In the last week, liberal corporations and anti-gun interests have launched a new salvo in the gun control battle.
But this time they are not merely advocating gun control policies or limiting the sale of firearms in certain stores. Instead, they are attacking America’s gun culture itself. By gun culture, I mean the culture that appreciates the value of firearms, promotes the lawful use of firearms, and respects the constitutional right to keep and bear arms. Two different developments have occurred.
First, the Kroger retail giant announced that it was removing from its stores any magazines or publications that feature “assault rifles.” Kroger wasn’t specific about which magazines would go, but that could potentially remove everything from Guns & Ammo to Outdoor Life. Kroger owns nearly 3,000 supermarkets and retail stores including Kroger, Dillon’s, Fred Meyer’s and Harris Teeter. Unlike restricting the sale of firearms to buyers 21 or older, this move attacks the very notion that firearms can be the subject of collecting, sport shooting, hunting use, and popular interest. In other words, it rejects the fact that reasonable people have a legitimate interest in reading about guns.
Second, YouTube announced that all videos that demonstrate firearms, promote the sale of firearms, or provide instruction on the assembly of firearms will be banned from its platform. That is a major change that will affect millions of gun owners. Gun owners often check out reviews and demonstrations posted on YouTube before buying a firearm, just like other consumers check out reviews on YouTube.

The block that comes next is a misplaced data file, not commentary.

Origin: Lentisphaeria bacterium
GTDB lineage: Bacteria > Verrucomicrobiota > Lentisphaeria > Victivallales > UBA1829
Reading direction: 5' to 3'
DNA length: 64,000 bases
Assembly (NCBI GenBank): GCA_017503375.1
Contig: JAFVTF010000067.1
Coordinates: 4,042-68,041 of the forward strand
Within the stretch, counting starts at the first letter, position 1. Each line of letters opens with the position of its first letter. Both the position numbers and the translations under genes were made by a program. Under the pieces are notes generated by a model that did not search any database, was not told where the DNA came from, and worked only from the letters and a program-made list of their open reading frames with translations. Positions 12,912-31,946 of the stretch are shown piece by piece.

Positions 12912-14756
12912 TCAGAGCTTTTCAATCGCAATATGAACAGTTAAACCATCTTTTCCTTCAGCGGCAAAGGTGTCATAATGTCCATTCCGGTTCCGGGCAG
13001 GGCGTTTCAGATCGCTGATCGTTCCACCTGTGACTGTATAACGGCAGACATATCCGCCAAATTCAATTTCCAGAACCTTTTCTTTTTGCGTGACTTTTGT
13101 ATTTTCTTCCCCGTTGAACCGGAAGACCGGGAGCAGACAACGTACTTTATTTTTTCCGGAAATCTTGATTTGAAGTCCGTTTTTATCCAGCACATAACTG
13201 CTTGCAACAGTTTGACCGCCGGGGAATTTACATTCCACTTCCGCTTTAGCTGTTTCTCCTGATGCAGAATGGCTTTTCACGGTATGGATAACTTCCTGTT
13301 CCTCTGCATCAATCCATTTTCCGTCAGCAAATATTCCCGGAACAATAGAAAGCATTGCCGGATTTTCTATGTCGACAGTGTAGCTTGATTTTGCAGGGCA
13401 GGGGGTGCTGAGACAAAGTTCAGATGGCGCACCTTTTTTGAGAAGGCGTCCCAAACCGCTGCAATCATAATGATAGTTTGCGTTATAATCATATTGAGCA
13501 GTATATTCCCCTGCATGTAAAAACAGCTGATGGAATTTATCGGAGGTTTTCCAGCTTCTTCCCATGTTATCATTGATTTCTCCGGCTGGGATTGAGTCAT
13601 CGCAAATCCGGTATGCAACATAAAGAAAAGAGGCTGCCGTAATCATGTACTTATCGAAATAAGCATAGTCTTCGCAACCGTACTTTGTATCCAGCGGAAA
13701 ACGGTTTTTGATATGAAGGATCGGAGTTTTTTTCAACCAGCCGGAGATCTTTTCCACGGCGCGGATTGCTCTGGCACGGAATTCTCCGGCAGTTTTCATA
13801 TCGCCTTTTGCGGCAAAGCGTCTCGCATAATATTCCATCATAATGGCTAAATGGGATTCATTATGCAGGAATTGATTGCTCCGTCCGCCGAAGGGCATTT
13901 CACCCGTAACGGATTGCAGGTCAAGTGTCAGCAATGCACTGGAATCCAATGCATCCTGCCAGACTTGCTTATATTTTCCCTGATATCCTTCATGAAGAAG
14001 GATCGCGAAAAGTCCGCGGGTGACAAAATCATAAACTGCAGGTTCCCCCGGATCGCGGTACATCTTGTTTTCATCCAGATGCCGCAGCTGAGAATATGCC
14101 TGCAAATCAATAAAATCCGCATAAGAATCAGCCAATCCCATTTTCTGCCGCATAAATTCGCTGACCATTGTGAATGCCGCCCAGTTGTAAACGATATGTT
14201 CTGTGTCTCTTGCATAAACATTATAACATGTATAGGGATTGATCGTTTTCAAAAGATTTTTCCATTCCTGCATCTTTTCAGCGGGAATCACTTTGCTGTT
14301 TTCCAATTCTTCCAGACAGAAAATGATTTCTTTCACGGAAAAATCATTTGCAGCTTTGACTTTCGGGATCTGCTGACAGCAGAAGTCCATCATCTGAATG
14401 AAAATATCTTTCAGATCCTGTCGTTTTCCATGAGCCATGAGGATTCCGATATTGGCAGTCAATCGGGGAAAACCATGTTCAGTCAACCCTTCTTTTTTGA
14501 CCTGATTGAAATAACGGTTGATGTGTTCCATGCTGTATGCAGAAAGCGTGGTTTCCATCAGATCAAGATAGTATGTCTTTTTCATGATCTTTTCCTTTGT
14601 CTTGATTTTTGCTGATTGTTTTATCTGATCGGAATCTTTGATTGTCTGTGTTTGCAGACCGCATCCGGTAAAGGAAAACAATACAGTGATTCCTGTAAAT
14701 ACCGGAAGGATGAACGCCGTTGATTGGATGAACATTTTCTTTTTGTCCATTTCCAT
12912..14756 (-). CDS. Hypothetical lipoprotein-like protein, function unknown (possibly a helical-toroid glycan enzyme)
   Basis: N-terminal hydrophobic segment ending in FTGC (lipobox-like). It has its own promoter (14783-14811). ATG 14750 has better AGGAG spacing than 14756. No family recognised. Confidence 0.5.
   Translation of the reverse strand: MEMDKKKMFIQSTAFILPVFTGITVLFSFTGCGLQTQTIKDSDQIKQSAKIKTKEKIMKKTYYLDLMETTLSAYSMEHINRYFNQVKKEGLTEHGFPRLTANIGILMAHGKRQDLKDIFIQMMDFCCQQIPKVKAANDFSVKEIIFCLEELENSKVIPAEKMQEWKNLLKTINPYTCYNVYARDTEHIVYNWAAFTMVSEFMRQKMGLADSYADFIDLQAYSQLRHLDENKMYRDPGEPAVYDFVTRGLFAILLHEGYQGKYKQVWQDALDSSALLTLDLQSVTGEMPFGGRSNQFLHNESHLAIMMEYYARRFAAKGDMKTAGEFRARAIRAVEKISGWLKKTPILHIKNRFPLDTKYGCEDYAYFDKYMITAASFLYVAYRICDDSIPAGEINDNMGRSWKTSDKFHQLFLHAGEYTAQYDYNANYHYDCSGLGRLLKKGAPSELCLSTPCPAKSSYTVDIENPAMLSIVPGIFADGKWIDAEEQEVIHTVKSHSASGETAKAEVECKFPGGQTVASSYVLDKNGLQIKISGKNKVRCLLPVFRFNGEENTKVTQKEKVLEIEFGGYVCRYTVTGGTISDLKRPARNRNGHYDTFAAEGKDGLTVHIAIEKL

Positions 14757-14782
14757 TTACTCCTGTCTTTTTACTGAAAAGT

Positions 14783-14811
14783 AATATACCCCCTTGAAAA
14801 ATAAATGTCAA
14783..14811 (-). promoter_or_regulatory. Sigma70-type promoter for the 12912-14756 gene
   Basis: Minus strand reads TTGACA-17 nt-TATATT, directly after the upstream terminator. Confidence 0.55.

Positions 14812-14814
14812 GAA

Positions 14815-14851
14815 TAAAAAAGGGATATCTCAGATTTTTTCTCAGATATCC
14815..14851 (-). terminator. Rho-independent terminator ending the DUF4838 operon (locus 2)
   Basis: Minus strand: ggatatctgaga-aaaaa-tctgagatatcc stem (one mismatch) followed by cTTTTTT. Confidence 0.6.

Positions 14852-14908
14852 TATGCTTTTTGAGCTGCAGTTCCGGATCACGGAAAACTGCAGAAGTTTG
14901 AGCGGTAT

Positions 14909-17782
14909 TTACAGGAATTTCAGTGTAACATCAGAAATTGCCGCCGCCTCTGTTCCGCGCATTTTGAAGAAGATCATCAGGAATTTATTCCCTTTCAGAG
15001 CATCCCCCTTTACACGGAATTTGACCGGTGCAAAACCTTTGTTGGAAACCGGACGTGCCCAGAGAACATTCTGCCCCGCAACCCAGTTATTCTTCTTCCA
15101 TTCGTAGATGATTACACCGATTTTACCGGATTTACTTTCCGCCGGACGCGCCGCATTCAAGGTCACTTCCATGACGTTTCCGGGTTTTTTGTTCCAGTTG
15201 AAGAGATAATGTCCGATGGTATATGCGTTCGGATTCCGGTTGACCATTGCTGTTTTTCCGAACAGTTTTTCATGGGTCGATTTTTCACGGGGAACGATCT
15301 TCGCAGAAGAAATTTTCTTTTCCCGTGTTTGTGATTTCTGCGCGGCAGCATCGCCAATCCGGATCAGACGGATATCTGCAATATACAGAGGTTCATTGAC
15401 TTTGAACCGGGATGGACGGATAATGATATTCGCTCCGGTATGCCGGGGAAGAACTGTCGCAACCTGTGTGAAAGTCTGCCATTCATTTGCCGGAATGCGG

It’s also unclear just how extensive the YouTube ban will be. I and many other gun owners sometimes check out instructional videos on gun maintenance on YouTube. Those videos demonstrate firearms and sometimes involve the assembly of firearms. Will they be banned as well? And what about gun safety videos? Hunting videos? Those too involve the demonstration of firearms, and they indirectly promote the sale of firearms.
YouTube has become a virtual public square where millions of Americans communicate with each other on a variety of topics. It appears that this public square will soon exclude communication that involves firearms in any demonstrative way.
Both of these moves are designed to inhibit the expression of ideas that is an important part of the gun culture in America. Our Founding Fathers appreciated the importance of an armed citizenry. Indeed, they declared in the Second Amendment that it was “necessary to the security of a free State.” But an armed citizenry requires a culture that supports the safe and lawful use of guns by a significant portion of the population. That culture is now under threat.
Kris W. Kobach is the elected secretary of state of Kansas. Prior to becoming secretary of state, he was a professor of constitutional law at UMKC Law School from 1996 to 2011. An expert in immigration law and policy, he coauthored the Arizona SB-1070 immigration law and represented in federal court the ten ICE agents who sued to stop President Obama’s 2012 DACA amnesty. During 2001-03, he was Attorney General John Ashcroft’s chief adviser on immigration law at the Department of Justice. He is also a 2018 candidate for the office of governor of Kansas. His website is kriskobach.com.